Spawn 308 and 309 arrived simultaneously a couple of months ago. Therefore, after a Zendikar review that took far too long and a detour into the NFL for a couple of days, we are back to our bread and butter on the page. That’s right. It’s time for some nerd content. More specifically, I’m going to catch up on the comics I’ve missed the last couple of months and write some reviews.

Trying to catch up be like…

I’ve already read Spawn 308 and 309. I know, no large feat. However, it feels like I actually accomplished something simply by reading those two books. Now, I can try to plow through the other two dozen or so that I have from the last two months. That might seem like a massive undertaking since it took me a couple of months just to read the two Spawn issues. However, Tuesday is my lighter day teaching and I will have time (theoretically) to devote to reading. But, first, to finish this review of Spawn 308 and 309.

The Great

Ken Lashley’s Art: I have had a love/hate relationship with the art in Spawn since I’ve come back to comics. Sure, there have been some other books that I haven’t enjoyed the art, but this one has had some of the most varied art over the last couple of years. But, I texted Chris and said, “I like Ken Lashley’s art. It has a bit of Capullo vibe.”

The Good

Uncle Todd’s Writing: I was excited to have Uncle Todd back and writing for the old Hellspawn. I learned, again, that you should be careful what you wish for. Uncle Todd is good in small batches. However, when asked to carry a story for much longer than a few issues, he loses the thread a bit and things start to unravel. I’m not saying that’s happening here just yet, but the potential exists.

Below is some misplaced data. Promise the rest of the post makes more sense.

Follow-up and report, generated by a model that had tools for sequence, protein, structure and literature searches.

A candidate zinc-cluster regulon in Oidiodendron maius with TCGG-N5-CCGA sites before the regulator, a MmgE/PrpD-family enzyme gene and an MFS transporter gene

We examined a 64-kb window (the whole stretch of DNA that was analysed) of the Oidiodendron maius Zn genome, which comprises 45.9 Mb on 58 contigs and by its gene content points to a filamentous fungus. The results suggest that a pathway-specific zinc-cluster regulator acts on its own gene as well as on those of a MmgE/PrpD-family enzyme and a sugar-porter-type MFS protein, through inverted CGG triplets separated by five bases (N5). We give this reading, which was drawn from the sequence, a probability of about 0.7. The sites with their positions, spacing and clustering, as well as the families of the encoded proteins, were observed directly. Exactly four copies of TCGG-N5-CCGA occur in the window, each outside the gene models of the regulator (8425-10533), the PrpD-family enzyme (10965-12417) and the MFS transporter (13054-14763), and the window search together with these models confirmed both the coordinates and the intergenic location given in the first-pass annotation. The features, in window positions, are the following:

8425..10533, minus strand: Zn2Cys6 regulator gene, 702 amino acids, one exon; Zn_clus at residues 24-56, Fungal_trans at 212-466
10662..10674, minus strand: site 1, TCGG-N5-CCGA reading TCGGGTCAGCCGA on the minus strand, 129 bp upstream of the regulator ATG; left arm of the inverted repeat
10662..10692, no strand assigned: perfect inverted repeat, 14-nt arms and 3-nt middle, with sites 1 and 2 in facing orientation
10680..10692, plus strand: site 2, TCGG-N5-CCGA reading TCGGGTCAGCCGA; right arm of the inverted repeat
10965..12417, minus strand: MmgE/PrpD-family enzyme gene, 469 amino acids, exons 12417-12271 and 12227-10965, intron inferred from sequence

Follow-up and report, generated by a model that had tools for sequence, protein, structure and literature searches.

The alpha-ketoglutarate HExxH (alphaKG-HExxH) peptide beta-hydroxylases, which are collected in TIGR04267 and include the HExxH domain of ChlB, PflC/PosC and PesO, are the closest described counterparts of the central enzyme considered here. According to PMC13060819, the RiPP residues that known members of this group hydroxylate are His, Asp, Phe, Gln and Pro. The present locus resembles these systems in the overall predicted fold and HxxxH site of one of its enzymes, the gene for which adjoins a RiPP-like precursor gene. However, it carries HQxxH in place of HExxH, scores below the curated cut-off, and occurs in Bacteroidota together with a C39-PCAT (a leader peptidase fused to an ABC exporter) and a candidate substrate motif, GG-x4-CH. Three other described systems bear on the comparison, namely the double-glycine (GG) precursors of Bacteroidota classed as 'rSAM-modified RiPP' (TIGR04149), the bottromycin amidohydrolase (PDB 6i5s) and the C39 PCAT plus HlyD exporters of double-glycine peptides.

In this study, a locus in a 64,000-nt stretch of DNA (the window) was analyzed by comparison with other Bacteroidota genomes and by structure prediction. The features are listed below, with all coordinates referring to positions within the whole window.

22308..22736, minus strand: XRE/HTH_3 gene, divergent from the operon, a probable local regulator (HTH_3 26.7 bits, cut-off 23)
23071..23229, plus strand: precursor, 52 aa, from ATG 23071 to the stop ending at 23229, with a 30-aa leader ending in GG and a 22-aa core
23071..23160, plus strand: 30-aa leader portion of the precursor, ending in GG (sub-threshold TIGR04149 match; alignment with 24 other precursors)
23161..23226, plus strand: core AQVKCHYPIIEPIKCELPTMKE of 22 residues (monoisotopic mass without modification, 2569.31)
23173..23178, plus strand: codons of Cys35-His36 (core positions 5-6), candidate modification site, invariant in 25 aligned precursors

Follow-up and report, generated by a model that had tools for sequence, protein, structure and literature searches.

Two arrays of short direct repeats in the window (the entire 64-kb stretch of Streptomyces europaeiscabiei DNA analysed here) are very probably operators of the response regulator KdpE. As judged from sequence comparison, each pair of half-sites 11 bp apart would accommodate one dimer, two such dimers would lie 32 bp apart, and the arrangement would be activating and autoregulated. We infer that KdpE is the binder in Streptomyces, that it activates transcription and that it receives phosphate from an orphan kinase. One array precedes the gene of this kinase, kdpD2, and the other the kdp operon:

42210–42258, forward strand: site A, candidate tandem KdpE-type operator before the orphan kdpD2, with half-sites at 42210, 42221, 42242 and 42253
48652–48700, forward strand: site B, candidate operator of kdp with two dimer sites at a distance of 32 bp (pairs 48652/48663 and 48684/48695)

The Decent

The Story: Speaking of writing, I just can’t get into this story. I liked the “reboot” of issues 300 and 301. Ever since, this story of time traveling, cross overs, and Heaven’s War on Earth is just leaving me cold. These latest issues were slightly better. I’d rather they go back to the creeping terror of the “Dark Horror” story.

The Verdict (Spawn 308 and 309 are fine)

I titled this article, “Love letter to Spawn 308 and 309”. I wouldn’t say this reads so much as a love letter. Then again, they say that if you love someone, set them free. If they come back, then they’re yours. Otherwise, it was never meant to be. I don’t think that I need to set Spawn free again just yet, but I’m certainly not looking forward to new issues like I was before the pandemic.